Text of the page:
Up until now, Apple’s Siri voice-recognition system has been shown in a humorous light. However, what if Siri could save your life? People remaking next-generation 911 services see Siri as the voice of emergency victims, not just a locator of the nearest sushi joint.
“Once the word ’emergency’ is spoken to Siri, a range of beneficial activity could commence,” health policy analyst John S. Wilson writes.
For example, Siri could send first responders a live video feed from your iPhone while information about your physician, current medicine and allergies is sent to the nearest hospital using an app. On your way out the door, Siri could also text or email family members, letting them know what happened and where to meet you.
Although calling 911 from your cell phone can be an iffy proposition because location data is not always available, a new generation of emergency calling services are being developed that automatically adds location data to voice, video and text calls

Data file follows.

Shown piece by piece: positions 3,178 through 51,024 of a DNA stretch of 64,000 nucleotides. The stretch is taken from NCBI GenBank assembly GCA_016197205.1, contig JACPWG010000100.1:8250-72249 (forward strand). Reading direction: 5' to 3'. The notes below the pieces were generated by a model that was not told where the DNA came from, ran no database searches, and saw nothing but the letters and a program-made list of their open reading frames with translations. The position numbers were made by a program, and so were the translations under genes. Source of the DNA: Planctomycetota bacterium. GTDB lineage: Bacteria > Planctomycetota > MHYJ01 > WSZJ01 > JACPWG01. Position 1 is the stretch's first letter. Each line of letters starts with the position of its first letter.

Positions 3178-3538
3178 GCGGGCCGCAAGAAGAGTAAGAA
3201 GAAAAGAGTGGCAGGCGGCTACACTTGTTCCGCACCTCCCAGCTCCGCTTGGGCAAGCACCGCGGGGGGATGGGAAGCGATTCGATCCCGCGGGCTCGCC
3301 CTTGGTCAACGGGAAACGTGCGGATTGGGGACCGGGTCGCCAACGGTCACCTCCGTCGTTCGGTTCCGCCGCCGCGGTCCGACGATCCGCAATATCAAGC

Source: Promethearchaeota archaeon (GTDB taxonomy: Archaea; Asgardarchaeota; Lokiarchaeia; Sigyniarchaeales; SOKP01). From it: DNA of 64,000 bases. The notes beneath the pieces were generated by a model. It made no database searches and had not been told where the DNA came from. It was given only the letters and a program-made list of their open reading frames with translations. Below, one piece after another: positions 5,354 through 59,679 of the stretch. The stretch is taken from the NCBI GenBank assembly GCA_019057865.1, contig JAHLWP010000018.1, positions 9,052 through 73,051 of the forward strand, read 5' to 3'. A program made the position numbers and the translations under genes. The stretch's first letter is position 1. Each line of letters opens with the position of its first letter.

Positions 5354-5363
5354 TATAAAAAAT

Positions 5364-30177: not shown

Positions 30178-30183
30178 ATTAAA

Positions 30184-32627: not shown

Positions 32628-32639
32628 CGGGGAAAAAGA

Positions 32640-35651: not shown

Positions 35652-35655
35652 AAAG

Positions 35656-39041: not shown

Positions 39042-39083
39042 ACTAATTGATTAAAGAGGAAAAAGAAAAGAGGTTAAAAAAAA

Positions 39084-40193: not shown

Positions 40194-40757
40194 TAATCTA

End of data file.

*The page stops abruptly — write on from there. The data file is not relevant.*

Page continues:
And while Siri can’t dial 911 now for you because there is no way of authenticating whether the call is a prank or not, next-gen 911 could provide video data as well as GPS information that could reduce the guesswork.
Aside from acute emergencies, Siri could also be used for everyday health issues. The “I’ve fallen and can’t get up” buttons worn by the elderly and ill could be replaced by the iPhone’s single activation button and Siri.
“At the tap of a button, Siri will be able to set and vocalize reminders for when to take pills, can initiate check-ups with family and care providers, and can begin a smooth chain reaction of events that would otherwise require far more time and energy to do,” Wilson writes.
So, sure, Siri can act silly and it can find the perfect retailer, but it has some very practical and important uses as well — many we haven’t even considered yet.